May 21st, 2007 08:37 EST
Graduation and the Real World
During the convocation speeches she gives, educator and bestselling author Susan V. Bosak likes to remind graduates that there's only one American Idol each year. Having dreams is important -- and so too is tempering those dreams with realistic expectations. As National Chair of the Legacy Project, a multigenerational education initiative that encourages lifelong learning, Bosak offers some practical advice to graduates and their families.
Research shows that of those who graduate from high school and college, more than half find themselves aimless. Many people in their twenties and thirties experience depression because expectations for their life haven't met reality. And too many young people find themselves under their parents' roof, unable to pay their own bills.
Bosak uses a simple tale as a framework to explore the realities of living a life. Her book "Dream" is a popular graduation gift for all ages. It brings together contemporary artwork by 15 top illustrators with quotations from historical sages and a poetic story about hopes and dreams across a lifetime. The book has won eleven national awards, including the Pinnacle Award as Best Gift Book and the Benjamin Franklin Award for Best Book Celebrating the Human Spirit.
"Each stage of life in the book is associated with a different color," says Bosak. "The green pages are where dreams are being fulfilled and everything in your life is working. But hard things happen, sad things happen, unexpected things happen, and we get pulled into the gray. A key life skill is how to find your way from the gray to the green."
Bosak offers these tips to graduates heading out into the world with big dreams:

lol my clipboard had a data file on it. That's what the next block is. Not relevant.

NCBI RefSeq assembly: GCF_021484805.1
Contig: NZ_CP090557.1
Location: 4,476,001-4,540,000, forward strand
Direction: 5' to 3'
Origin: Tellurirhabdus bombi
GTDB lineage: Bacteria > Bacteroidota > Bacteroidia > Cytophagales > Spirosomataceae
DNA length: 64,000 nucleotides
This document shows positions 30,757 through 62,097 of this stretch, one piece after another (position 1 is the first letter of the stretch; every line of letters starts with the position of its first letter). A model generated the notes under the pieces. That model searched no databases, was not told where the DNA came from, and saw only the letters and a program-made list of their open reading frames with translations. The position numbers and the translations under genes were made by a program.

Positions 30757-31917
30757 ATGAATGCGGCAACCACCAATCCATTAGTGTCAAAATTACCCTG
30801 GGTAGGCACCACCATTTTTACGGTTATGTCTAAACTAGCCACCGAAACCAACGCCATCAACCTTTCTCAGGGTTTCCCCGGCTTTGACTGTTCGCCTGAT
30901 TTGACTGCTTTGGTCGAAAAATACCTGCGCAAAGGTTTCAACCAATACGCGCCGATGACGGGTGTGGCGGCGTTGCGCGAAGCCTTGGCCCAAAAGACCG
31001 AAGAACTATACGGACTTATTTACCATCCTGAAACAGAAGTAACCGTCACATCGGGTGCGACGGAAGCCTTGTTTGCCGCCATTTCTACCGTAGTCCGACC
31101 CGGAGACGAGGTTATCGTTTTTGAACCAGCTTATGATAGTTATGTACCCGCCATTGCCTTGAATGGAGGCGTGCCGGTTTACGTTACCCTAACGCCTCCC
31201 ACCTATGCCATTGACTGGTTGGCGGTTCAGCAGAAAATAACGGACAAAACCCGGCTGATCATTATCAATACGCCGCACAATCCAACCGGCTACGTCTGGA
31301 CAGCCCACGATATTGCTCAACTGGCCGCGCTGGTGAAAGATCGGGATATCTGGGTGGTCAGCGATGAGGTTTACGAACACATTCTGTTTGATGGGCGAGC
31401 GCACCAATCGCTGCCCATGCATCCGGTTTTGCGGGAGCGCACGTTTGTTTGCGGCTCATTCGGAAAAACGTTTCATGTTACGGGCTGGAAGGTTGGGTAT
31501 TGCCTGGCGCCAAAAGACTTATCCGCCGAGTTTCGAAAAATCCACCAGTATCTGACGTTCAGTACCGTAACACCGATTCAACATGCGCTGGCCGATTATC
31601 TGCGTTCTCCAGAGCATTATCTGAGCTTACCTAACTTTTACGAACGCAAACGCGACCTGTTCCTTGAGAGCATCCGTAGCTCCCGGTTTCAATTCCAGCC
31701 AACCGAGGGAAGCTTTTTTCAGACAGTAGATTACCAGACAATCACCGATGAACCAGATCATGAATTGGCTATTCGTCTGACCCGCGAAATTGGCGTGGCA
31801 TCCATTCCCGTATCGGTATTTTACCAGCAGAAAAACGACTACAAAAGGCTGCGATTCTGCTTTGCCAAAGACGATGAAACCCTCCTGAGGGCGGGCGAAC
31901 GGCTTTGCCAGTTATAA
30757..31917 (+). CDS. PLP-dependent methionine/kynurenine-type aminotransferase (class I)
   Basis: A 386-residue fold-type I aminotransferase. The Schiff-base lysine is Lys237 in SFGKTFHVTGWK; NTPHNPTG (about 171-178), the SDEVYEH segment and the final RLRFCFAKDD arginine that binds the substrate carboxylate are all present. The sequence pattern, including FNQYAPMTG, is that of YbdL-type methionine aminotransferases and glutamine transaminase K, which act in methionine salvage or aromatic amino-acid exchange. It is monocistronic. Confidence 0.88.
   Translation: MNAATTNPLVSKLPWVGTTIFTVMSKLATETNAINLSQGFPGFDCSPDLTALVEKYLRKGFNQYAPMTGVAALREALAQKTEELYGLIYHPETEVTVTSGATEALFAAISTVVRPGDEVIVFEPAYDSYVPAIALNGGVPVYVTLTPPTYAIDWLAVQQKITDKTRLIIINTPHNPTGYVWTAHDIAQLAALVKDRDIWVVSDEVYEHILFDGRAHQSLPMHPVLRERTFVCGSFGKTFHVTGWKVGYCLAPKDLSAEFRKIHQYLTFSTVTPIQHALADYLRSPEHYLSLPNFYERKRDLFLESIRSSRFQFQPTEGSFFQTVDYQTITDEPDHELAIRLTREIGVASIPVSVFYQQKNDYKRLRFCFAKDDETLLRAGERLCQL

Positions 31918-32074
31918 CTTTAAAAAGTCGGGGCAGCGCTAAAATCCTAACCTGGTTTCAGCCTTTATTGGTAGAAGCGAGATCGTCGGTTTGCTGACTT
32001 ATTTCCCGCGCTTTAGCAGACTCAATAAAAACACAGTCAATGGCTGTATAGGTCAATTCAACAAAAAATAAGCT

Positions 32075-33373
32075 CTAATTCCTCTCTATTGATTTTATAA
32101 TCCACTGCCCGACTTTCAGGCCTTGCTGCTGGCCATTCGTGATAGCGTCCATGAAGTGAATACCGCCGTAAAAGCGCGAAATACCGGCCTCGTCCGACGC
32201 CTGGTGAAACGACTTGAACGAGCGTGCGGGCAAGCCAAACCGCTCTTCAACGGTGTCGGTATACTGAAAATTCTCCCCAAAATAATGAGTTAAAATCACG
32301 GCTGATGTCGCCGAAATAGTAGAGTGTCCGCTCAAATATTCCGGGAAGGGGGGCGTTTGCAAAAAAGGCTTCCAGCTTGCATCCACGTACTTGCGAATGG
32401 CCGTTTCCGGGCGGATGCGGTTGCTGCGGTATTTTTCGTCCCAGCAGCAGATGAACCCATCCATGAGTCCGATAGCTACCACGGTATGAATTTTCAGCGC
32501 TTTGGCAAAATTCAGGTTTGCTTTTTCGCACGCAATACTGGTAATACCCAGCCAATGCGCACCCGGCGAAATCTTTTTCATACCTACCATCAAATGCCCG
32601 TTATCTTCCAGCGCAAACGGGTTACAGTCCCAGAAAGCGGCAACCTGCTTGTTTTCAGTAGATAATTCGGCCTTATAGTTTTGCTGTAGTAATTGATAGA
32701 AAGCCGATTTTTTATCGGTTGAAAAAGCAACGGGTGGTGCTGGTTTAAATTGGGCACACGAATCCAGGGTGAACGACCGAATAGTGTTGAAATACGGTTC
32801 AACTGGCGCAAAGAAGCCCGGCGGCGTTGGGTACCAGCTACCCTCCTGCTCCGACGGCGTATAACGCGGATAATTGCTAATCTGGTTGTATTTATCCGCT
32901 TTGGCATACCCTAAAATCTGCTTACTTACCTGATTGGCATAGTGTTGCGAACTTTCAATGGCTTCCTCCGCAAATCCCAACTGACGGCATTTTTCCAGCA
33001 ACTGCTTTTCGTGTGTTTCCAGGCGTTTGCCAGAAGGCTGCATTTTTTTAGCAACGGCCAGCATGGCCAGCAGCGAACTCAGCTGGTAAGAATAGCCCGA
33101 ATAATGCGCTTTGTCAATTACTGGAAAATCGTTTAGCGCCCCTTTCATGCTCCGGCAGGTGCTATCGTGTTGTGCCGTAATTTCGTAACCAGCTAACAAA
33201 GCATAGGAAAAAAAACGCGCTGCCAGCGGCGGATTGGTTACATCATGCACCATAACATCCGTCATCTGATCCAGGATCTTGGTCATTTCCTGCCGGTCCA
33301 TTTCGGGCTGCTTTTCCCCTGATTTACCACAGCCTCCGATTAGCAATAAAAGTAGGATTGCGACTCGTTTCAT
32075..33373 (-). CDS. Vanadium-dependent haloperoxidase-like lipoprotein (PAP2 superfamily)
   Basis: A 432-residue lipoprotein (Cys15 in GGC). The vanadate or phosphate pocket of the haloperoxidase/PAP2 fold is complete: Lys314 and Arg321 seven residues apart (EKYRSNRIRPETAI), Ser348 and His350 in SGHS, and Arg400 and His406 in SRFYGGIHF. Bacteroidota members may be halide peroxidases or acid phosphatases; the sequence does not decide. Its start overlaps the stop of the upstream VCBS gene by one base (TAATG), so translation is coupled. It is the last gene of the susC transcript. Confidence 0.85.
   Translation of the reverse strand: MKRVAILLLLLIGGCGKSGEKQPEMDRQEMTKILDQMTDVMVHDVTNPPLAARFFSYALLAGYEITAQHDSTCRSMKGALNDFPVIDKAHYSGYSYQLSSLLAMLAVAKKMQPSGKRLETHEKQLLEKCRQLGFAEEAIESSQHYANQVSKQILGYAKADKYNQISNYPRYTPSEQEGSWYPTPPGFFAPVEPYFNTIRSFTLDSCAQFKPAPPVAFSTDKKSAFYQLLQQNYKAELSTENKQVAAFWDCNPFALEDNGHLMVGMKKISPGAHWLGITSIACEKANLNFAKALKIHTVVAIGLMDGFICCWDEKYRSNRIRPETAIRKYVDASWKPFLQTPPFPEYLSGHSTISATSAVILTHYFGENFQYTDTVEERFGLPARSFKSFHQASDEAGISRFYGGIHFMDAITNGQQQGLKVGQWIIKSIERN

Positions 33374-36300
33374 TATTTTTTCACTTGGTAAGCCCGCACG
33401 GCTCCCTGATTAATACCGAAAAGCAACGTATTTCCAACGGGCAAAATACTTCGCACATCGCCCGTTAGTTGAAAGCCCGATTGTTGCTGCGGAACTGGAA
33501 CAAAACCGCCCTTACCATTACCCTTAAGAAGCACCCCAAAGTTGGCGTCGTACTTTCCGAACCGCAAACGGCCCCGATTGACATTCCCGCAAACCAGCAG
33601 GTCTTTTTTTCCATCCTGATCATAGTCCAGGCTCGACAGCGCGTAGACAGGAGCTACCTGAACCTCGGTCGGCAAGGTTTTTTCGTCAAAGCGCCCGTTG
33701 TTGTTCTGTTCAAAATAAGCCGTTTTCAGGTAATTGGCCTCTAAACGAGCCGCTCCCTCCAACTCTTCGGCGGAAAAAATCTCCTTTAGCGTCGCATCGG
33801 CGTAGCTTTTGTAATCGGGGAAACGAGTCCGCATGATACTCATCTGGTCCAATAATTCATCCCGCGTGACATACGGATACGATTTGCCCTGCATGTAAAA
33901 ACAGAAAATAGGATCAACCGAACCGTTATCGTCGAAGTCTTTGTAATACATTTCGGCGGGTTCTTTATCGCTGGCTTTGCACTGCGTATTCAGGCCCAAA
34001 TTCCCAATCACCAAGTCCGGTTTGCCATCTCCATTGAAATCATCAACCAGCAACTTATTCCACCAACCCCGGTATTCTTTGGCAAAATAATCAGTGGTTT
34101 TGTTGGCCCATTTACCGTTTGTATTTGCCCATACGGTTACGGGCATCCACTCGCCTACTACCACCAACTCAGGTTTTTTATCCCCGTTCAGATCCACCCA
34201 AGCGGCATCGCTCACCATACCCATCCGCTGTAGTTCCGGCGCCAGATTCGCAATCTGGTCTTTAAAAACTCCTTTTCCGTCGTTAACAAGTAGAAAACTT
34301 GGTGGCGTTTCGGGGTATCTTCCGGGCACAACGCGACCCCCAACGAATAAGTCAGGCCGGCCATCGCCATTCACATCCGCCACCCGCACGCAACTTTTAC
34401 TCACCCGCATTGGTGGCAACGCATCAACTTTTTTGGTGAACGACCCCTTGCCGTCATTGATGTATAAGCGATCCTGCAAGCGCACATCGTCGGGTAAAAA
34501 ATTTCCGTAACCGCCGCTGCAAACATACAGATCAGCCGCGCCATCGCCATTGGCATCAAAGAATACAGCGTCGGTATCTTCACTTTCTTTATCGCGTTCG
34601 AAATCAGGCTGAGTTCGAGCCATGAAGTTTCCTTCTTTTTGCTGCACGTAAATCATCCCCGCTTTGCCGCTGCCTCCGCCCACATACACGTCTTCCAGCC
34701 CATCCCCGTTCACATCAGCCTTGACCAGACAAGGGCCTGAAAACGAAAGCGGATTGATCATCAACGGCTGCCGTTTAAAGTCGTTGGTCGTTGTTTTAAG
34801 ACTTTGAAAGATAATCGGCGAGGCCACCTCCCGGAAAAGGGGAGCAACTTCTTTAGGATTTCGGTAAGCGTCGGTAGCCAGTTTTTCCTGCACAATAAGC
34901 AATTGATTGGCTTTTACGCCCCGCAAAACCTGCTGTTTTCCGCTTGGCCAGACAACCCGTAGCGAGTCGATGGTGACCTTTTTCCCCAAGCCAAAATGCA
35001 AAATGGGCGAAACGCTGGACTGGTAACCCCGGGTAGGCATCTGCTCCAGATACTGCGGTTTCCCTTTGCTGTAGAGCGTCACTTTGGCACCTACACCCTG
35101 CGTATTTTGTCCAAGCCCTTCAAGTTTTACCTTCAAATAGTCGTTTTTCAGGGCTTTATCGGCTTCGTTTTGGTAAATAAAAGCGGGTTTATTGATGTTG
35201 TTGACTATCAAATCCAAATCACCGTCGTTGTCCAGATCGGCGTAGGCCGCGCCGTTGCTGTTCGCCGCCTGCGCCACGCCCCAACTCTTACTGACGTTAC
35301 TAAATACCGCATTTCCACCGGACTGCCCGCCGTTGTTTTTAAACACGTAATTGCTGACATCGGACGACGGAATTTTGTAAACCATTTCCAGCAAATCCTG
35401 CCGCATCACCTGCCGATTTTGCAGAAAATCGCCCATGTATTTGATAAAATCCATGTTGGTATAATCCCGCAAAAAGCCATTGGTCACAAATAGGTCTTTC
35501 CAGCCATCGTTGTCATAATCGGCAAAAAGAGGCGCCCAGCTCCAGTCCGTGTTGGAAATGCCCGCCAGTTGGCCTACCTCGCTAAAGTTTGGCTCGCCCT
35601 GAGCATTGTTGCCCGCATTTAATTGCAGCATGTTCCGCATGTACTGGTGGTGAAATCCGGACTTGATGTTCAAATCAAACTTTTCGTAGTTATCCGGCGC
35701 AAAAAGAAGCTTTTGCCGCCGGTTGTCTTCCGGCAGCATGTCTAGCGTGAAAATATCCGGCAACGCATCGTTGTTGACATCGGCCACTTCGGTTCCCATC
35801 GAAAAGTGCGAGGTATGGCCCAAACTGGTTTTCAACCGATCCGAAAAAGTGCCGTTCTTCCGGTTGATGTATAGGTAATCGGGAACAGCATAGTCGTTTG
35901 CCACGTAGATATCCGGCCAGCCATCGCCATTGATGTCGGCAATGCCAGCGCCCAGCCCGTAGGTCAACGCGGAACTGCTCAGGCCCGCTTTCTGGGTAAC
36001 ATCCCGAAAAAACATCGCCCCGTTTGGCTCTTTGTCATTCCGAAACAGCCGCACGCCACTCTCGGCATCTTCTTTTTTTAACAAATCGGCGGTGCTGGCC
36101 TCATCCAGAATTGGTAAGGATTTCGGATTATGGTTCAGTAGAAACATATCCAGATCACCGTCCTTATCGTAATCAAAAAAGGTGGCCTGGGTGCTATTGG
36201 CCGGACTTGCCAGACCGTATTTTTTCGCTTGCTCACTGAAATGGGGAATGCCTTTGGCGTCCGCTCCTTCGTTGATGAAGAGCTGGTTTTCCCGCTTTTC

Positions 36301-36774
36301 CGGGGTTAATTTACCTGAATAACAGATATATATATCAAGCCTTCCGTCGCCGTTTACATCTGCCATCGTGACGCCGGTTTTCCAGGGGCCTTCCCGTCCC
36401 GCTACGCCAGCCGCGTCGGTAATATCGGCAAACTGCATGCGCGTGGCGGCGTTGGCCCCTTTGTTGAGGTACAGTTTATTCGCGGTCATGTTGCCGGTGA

-- Having big dreams gives you energy and direction, but those dreams are sustained by realistic expectations and determination. People in Scandinavian countries are among the happiest in the world because, research shows, they temper their long-term goals with low expectations for the short term. Taking a longer-term point of view is an important mindset.
-- Research doesn't support the common belief that each of us has natural talents -- that you're born to be a Wall Street investor or a master golfer. Big dreams and greatness are achieved through a lot of hard work over many years.
-- Most people learn quickly at first, then more slowly, and then tend to stop developing and growing. They get too comfortable and don't push themselves. To achieve big things, you have to keep going.
-- Don't expect to have it all figured out in your twenties. Based on research, the general rule of thumb is that once you choose an area of interest, it takes at least 10 years of consistent work and practice to achieve a world-class ability in that area.
-- If you look at all the research into how human beings achieve their potential, how people achieve goals, it boils down to Believe, Do, Think. You have to have a measure of self-confidence and courage. You have to take action. And you have to think
-- constantly getting feedback and altering your course based on the realities around you.
We all have different strengths and achieve goals in different ways. The Dreamer Profile on the Legacy Project website allows you to explore whether you're a Creative, Dynamic, or Practical Dreamer. You can also check out the Millionaire Quiz to see if you have the characteristics to become a millionaire.
"Dream" by Susan V. Bosak (TCP Press) is featured on the graduation gift display in bookstores across the country. For more LifeDreams tips, visit www.legacyproject.org.